Out-Law News 3 min. read
19 Jun 2023, 10:09 am
New immigration rules, endorsed by the UK Home Office, will help football clubs in England looking to enhance their playing squads through the recruitment of talented players from overseas, according to legal experts.
The ‘International Sportsperson’ immigration route enables international players to gain visas to play for English football clubs. The availability of the route depends on a points-based system that now includes a new and significant exemption in the men’s game.
Joe McMorrow of Pinsent Masons said that before the new exemption, it was hard to avoid the strict criteria that must be met under the points-based system for overseas players to be eligible for an international player visa. The criteria includes things like the number of international appearances the player has made, the number of minutes the player has featured in domestic or continental competition, the success of the player’s previous club and the quality of the domestic league in which that club competes.
“The new rules allow some leeway for clubs to sign players who do not fulfil the criteria in the main points-based system, albeit with significant limitations built in,” McMorrow said.
The central limitation is that the maximum number of overseas players that English Premier League and EFL Championship football clubs will be able to sign via this new exemption route at any one time is four, though that number will vary – and for the 2023/24 season could reduce to as low as two – depending on the number of minutes on the pitch for players in their squad who are eligible to play for England. The numbers are lower for EFL League One and EFL League Two clubs.
“This mechanism is designed to provide some protection for the development of homegrown English players,” McMorrow said.
Clubs will also have to evidence to the Football Association’s (FA’s) satisfaction that the player is an elite player and will make a significant contribution to the sport. The FA expects that, as a minimum, the player will have played in a certain number of qualifying matches.
Further restrictions apply to the recruitment of youth players via the International Sportsperson route.
McMorrow said: “In this regard, the starting point is that, to prevent child exploitation, FIFA generally prohibits the international transfer of minors – i.e. players under the age of 18. There are exceptions to the rules, which are regulated and overseen by FIFA. One of those is where the transfer takes place within the territory of the European Union (EU) or European Economic Area (EEA) and the player is aged between 16 and 18 and other conditions are met. Post-Brexit, English clubs do not enjoy this exception, meaning that they are not usually allowed to sign players from the EU – or anywhere else – until they are 18.”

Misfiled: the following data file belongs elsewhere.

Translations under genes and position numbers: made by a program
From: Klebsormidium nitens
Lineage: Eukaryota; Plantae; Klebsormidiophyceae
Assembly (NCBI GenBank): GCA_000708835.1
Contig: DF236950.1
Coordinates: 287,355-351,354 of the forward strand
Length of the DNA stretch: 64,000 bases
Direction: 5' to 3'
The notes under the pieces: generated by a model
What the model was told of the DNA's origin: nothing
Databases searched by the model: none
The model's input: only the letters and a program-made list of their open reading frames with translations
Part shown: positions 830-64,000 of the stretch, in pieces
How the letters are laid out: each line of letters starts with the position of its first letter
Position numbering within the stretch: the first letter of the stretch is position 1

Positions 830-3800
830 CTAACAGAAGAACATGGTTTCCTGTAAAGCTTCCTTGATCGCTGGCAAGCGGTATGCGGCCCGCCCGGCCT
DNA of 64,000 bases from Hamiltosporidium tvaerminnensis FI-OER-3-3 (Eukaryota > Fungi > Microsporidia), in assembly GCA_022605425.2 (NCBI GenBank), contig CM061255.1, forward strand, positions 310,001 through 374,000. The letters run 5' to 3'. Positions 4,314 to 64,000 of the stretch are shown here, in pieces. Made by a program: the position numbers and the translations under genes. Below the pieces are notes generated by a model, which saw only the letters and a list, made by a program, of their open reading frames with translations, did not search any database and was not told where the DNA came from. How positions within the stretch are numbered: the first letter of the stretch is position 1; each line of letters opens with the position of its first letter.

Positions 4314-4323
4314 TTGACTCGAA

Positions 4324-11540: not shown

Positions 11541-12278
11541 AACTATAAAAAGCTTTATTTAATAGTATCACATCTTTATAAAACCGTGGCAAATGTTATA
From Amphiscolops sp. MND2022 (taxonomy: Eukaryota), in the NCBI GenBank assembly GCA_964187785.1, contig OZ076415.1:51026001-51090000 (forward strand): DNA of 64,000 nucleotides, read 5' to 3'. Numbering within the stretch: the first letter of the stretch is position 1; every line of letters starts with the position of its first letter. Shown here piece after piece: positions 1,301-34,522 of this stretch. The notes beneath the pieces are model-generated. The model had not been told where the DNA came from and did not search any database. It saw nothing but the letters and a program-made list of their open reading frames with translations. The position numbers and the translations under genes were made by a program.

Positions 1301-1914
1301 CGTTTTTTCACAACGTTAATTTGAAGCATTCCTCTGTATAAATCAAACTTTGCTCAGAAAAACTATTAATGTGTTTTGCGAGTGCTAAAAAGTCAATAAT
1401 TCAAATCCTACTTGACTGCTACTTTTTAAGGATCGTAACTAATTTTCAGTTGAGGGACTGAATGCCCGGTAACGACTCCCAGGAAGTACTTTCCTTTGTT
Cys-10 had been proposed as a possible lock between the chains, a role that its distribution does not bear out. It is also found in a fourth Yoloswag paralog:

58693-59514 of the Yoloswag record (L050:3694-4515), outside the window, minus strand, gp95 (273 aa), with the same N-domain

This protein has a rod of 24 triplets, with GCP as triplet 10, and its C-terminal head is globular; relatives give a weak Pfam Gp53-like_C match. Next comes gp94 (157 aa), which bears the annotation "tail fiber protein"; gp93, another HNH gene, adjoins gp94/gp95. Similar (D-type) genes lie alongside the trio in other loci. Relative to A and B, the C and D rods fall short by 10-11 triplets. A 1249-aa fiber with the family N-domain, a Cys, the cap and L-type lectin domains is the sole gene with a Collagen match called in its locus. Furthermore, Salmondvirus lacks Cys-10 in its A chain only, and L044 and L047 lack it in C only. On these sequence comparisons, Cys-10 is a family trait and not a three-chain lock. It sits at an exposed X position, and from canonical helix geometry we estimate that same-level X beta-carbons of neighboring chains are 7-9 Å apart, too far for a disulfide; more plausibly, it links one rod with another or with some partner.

“There are other, well used, exceptions to FIFA’s international rules, including where the player’s parents move country. Until now, those exceptions have not been all that helpful because, even where it could be used for a player under 18, the strict criteria may have caused the move to be blocked, although there is already some flexibility for youth players. However, the new leeway being granted does now open that up further. Similarly, the points scoring model has been updated in the women’s game with the addition of a youth player exceptions panel providing clubs with access to high potential players who might fall outside the current criteria, but are of proven ability” he said.
Shara Pledger, also of Pinsent Masons, said: “International Sportsperson is purposely an exclusive route. Intended only for elite sportspersons or qualified coaches, it can be difficult for talented players and athletes to meet strict criteria. Each sport has its own governing body which must endorse each individual application. As the relevant body for football, the FA’s announcement that it will expand the basis on which it can support future applications will be very welcome.”
“These changes to the International Sportsperson route demonstrate a weakness of the UK’s points-based system for immigration. As opposed to other jurisdictions which have systems that operate flexibly – giving multiple opportunities and means for an applicant to qualify for visa points – the UK’s system is nothing more than a series of rules which an applicant will or will not satisfy. It is great to see another rule added to International Sportsperson giving a wider pool of candidates the opportunity to qualify, but it does raise the question as to why the UK persists with an overly complicated points-based structure at all,” she said.
FA chief executive Mark Bullingham said: “As English football’s governing body, we oversee the whole football ecosystem, and we wanted to create a new model which would meet the different objectives of our football stakeholders. We worked closely with the clubs and the leagues, and have designed a progressive solution which will give clubs additional access to international talent and incentivise playing opportunities for English talent.”